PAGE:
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Police chief, other officers suspended after detained man dies

March 12, 2012, 12:50 UTC+3

A number of senior officials of the Russian Interior Ministry's Kazan department were brought to disciplinary account

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MOSCOW, March 12 (Itar-Tass) — The chief of the police office in Kazan is suspended, after a man, who was taken to hospital from the office, died, the Interior Ministry press service in Tatarstan told Itar-Tass.

This Monday, Tatarstan's Interior Minister Asgat Safarov held an extraordinary meeting and suspended the head of the Dalny police station, Col. Sergei Yefremov, deputy head of the criminal investigation department Sr. Lieut. Almaz Vasilov, district police officer Lieut. Ilshat Garifullin, criminal investigation department officers Lieut. Ilnar Ibatullin, Sr. Lieut. Ramil Akhmetzyanov and Sr. Lieut Marat Sabirov, an interior ministry source said.

A number of senior officials of the Russian Interior Ministry's Kazan department were brought to disciplinary account and notified about their incomplete official compliance.

A commission of the republic's Interior Ministry worked for two days at Police Station 9 (Dalny) to investigate the circumstances of the death of detained Sergei Nazarov.

Deputy Interior Minister Damir Dinniulov heads the commission that consists of officers of the department for work with personnel and investigators of the Interior Ministry’s internal security department and the Russian Interior Ministry's Kazan department.

On March 9, Sergei Nazarov in a drunken state was taken to the Dalny police station of the Kazan police department. The man, who had six previous convictions for various crimes, was detained for disorderly conduct. The same evening, after he complained he had abdomen pains, an ambulance team was called for him. A doctor examined Nazarov and gave him an anesthetic injection. The detained man refused to be hospitalized, interior ministry officials said.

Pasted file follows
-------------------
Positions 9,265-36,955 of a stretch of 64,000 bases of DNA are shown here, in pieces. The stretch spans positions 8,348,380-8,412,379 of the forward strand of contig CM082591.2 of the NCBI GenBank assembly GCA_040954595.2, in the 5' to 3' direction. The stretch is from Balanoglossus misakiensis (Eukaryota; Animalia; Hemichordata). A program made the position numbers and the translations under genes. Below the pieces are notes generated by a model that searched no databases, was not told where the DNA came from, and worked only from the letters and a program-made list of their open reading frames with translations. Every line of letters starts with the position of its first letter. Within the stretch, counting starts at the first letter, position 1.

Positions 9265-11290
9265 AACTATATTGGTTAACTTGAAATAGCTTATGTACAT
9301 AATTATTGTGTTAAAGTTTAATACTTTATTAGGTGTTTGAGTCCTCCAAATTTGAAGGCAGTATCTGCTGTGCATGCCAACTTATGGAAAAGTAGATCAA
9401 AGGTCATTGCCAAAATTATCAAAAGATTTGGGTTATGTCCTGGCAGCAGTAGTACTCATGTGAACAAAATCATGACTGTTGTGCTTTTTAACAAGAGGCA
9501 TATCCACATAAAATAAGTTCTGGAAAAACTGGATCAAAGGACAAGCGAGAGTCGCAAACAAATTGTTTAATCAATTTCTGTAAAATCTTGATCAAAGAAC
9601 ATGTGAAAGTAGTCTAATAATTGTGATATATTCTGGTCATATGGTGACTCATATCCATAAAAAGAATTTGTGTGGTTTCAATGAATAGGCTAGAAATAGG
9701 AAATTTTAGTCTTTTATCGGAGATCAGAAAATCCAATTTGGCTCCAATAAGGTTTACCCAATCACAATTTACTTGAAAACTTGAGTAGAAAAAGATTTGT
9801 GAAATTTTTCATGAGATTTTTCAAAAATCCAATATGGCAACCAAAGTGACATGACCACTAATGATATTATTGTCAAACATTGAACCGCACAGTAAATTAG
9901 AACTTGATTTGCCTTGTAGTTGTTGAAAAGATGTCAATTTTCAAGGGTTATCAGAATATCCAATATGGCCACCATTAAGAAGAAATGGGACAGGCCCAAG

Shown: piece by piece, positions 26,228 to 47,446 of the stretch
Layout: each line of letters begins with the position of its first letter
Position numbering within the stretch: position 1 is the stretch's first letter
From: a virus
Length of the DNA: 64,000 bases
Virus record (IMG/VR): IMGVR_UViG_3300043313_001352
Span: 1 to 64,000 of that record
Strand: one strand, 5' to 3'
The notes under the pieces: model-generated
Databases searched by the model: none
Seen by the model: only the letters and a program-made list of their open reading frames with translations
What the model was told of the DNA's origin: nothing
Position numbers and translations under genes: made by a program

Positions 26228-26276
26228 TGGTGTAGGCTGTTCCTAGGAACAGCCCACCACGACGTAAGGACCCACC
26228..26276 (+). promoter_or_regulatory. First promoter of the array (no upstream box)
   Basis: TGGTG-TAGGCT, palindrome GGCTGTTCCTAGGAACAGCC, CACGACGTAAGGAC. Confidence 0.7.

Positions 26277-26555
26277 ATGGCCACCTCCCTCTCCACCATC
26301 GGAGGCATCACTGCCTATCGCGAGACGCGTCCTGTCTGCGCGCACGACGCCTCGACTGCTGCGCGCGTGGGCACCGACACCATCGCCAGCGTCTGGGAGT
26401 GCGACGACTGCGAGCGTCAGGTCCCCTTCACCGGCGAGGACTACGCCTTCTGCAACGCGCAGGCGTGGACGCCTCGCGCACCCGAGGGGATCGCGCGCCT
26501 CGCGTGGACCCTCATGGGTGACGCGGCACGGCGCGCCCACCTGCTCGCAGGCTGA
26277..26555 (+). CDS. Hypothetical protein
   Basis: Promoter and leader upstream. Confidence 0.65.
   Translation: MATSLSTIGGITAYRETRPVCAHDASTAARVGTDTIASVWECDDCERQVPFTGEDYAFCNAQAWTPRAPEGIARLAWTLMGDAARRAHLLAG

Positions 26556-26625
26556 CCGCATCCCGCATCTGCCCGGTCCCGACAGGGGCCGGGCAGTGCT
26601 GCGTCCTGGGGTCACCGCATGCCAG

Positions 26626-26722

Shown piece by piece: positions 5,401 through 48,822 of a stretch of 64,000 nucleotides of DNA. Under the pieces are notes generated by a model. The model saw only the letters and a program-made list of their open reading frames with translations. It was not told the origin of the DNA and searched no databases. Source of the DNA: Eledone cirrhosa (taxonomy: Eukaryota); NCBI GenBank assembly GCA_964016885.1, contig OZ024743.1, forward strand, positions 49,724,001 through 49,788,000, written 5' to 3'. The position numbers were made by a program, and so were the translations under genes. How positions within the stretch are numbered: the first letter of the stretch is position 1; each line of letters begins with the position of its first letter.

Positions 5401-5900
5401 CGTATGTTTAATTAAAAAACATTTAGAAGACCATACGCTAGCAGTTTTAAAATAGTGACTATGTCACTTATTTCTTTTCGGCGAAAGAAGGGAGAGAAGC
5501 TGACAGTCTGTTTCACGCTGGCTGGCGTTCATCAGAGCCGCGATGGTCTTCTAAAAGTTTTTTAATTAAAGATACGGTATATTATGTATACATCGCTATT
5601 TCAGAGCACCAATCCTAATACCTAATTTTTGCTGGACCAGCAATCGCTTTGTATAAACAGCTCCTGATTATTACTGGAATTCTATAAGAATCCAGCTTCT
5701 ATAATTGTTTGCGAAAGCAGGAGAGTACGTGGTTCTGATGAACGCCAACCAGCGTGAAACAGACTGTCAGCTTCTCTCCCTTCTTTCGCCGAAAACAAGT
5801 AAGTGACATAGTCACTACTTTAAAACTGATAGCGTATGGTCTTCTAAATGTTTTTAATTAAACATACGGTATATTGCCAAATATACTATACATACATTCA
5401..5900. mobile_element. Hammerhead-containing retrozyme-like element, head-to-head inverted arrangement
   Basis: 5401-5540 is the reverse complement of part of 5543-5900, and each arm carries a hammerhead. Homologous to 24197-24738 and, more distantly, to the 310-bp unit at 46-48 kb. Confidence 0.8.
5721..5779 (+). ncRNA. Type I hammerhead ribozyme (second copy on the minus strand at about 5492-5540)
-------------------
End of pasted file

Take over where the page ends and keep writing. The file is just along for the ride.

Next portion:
On March 10, Nazarov again complained he had abdomen pains. The ambulance team that was called there took the man with a diagnosis of enterorrhexis to the city's Hospital 18. After an operation, he died in the hospital.

A criminal case is opened over the incident on charges of "intentional infliction of grievous bodily harm resulting in death" and "power abuse with the use of arms or special equipment" (Articles 111 and 286 of the Russian Criminal Code).

The incident in Kazan is yet another case in a series of such tragedies. On January 22 this year, in St. Petersburg, after being beaten up in a police station, 15-year-old Nikita Leontyev died. He was detained on suspicion of robbery. A 24-year-old police lieutenant, who confessed he had beaten the boy, was arrested, and a deputy chief of the city's 75th police station also faces charges over the crime.

The incident was followed by large-scale checking of the local police work. As a result, the Russian president dismissed chief of the interior Ministry's main department for St. Petersburg and the Leningrad Region Mikhail Sukhodolsky. A number of senior police officials were brought to disciplinary account.

In February last year, in Tomsk, ex-policeman was sentenced to 12 years' strict-regime imprisonment, after journalist Konstantin Popov, who was taken to a medical sobering-up station, died after he was beaten up by the policeman. After the inquiry into the case, chief of the Tomsk regional police department Maj. Gen. Viktor Grechman was removed from office.

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